It's hard to know what to expect from a game with a title like Astral necklace. It is a name reminiscent of things like astrological and mysterious philosophy books. But in reality it is the latest release of Platinum Games, a studio that is best known for stylish action games such as Bayonetta, To overcome, and, more recently, Kidney: Automata, a collaboration with idiosyncratic director Yoko Taro. Astral necklace is full of exciting action scenes, but in most ways it is completely different from any other platinum game.
Really, it's different something I've played before. It is a cyberpunk police anime about an interdimensional invasion that combines action, puzzle solving, platforms and detective. There are plot threads about stray cats and the future of humanity, and your main weapon is a powerful being tied to you by a chain. Astral necklace consists of equal parts weird, exciting and endearing, and it is one of the most refreshing games of the year to date.
Astral necklace does not waste time. The opening titles roll past while you ride a motorcycle through a busy futuristic street, with explosions going around you. It is intense and exciting before you even know what you are doing. The game plays the role of one of two twins – you choose whether you play as the male or female brother or sister – who are part of an elite police force in Ark, a sci-fi megatropolis on a man-made island in a future where humanity is about to collapse. Oh, and the city is also being attacked: strange creatures called chimera keep appearing, attracted from what seems to be another dimension. It is a strange and often confusing set-up, but it also ensures that the game can constantly shift, allowing you to go to different places and do very different things.
The game is divided into a few different parts. There is the fight that has the style you would expect from a platinum title – even if you just press buttons, you look cool – but with a very specific twist. Helping you in battle are creatures called legions. They are a kind of cross between a pokémon and a weapon, and they are attached to your body with an ethereal chain that is always attached to your wrist.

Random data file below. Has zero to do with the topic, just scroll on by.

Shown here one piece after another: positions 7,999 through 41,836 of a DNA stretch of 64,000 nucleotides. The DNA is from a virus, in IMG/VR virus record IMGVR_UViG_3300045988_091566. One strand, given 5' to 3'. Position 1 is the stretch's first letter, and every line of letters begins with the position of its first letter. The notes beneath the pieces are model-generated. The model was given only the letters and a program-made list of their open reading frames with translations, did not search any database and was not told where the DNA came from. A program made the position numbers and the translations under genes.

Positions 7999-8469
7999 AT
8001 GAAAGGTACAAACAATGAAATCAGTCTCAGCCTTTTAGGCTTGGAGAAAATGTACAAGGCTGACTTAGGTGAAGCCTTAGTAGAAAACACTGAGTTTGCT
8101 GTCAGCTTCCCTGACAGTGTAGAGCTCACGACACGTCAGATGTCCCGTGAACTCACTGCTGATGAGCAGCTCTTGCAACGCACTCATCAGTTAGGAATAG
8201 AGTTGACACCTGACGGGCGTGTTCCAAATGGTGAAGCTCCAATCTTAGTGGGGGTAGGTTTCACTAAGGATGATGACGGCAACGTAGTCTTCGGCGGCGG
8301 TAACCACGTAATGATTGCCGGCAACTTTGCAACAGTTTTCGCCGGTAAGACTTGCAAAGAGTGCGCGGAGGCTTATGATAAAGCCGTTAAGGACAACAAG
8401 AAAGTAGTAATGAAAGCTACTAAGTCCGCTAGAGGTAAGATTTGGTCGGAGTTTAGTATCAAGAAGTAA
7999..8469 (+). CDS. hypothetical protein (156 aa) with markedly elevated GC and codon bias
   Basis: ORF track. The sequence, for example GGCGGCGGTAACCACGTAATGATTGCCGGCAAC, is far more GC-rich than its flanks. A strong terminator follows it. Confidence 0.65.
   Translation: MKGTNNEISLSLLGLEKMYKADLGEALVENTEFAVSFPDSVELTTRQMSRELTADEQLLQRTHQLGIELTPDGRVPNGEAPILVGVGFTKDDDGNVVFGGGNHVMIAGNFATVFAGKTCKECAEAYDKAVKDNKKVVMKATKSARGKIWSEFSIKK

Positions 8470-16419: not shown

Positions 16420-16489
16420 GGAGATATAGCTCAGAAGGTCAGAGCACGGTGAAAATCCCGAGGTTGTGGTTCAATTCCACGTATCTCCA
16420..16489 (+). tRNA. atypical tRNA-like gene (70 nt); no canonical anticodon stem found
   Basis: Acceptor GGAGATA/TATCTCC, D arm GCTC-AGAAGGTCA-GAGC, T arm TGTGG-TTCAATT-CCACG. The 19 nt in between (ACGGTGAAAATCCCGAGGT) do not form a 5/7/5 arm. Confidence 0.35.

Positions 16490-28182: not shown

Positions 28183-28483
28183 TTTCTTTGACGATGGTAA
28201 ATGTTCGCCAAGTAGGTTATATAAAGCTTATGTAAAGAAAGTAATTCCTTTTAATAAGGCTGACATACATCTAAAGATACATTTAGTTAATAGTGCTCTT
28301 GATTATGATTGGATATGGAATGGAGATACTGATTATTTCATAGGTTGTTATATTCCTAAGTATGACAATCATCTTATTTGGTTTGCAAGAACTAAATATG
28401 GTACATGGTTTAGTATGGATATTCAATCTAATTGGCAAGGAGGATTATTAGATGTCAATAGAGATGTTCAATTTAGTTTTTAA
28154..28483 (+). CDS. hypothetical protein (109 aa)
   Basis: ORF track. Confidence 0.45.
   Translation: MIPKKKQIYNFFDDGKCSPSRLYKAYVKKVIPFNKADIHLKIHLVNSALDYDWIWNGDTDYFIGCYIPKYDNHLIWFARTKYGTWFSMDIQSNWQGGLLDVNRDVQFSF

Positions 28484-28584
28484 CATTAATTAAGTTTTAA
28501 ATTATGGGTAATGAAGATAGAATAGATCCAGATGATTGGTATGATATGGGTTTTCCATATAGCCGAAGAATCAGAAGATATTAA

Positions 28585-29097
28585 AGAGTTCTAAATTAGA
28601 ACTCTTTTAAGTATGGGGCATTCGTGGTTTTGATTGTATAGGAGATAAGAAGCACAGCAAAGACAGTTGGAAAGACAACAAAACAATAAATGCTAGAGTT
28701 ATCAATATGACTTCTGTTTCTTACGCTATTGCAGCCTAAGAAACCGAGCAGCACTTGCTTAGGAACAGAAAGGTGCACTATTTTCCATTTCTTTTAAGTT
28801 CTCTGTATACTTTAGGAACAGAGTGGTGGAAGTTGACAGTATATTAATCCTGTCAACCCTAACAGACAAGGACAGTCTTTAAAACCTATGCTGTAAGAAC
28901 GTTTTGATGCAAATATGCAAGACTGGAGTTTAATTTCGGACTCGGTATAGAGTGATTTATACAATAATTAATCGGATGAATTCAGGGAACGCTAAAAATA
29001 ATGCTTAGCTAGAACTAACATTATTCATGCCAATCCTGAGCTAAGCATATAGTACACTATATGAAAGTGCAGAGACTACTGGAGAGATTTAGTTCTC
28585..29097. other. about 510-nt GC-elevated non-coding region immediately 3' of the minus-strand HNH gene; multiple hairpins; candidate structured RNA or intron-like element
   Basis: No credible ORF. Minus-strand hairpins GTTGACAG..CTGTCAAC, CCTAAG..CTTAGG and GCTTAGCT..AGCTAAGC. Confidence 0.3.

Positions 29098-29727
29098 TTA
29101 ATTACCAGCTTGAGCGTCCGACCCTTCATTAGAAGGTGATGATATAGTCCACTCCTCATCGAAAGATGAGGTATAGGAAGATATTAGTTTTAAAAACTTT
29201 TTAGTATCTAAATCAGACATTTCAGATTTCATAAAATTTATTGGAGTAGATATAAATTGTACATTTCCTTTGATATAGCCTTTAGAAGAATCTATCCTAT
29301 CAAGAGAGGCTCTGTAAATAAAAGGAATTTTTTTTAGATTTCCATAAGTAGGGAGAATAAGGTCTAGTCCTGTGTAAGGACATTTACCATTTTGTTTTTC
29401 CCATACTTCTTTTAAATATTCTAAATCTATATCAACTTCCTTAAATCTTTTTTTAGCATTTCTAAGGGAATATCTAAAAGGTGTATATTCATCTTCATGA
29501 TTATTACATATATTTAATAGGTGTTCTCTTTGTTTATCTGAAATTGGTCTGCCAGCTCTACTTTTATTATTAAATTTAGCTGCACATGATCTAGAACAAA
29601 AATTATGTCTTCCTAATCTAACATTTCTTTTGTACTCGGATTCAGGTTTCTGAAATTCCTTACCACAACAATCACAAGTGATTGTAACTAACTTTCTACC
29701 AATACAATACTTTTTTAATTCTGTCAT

You unlock multiple legions in the game, each with different skills and capabilities, and you can exchange and exchange them via a pop-up menu with a weapon wheel. One is actually a floating armor, while the other is a metal canine. You can throw them away in battle and they will fight autonomously. You can also merge attacks with the main character that you control. It takes some getting used to; driving two characters at the same time can sometimes be awkward, especially when a lot is happening. But it also helps to give Astral necklace a very different feeling.
At other points you will have to do your usual job as a cop, go into town to investigate everything from missing people to bombing the metro. You look for clues and talk to witnesses, and you are helped by an AR system that selects points for attention. You also get help from your legions. The dog-like creature can detect clues through scent and then dig things up, while the armor is strong enough to lift heavy objects from trapped victims. It's like having a partner who does what you say. They can even monitor problematic witnesses.
The game is spread over a handful of very different environments. In between missions you can hang out at the police station and train, change your outfit or relax in the break room and talk with a conscious machine. Most of the research series meanwhile take place in different districts of Ark, from shopping centers to city squares. And then there's the whole inter-dimensional threat that you regularly take into a glitchy world full of strange monsters, lots of platform sequences, and environmental puzzles that make use of the countless possibilities of your legion. There is a nice balance between intense, total action and the more cerebral moments.
In itself, none of these elements are what I would call great. The fight is interesting, but can sometimes feel uncomfortable. The platform and the puzzles are generally very simple and the surveys are linear, so it doesn't always feel like you're sorting things out yourself. But when you put them all together and jump in between them, it just feels good, making it easier to ignore the mistakes.
It helps that Astral necklaceThe world, however strange it may be, feels fully realized, filled with all kinds of smart world construction details. There are talking vending machines, holographic crosswalks that force you to obey the law, and cars that look like they're going to float above the street. The tone of the game fluctuates as often as the playing style. There are serious, melodramatic moments with death and destiny, but also light scenes with police mascots in dog costumes. One of the district's toilets is also being chased.
Astral necklace tries to be so many different things that it can be difficult to describe what it actually is. But that is also what makes it so interesting. It is flawed and confusing, sincere and exciting. It is something that you cannot put a label on, or a name that lets you know what you stand for.
Astral necklace is now available on the Nintendo Switch.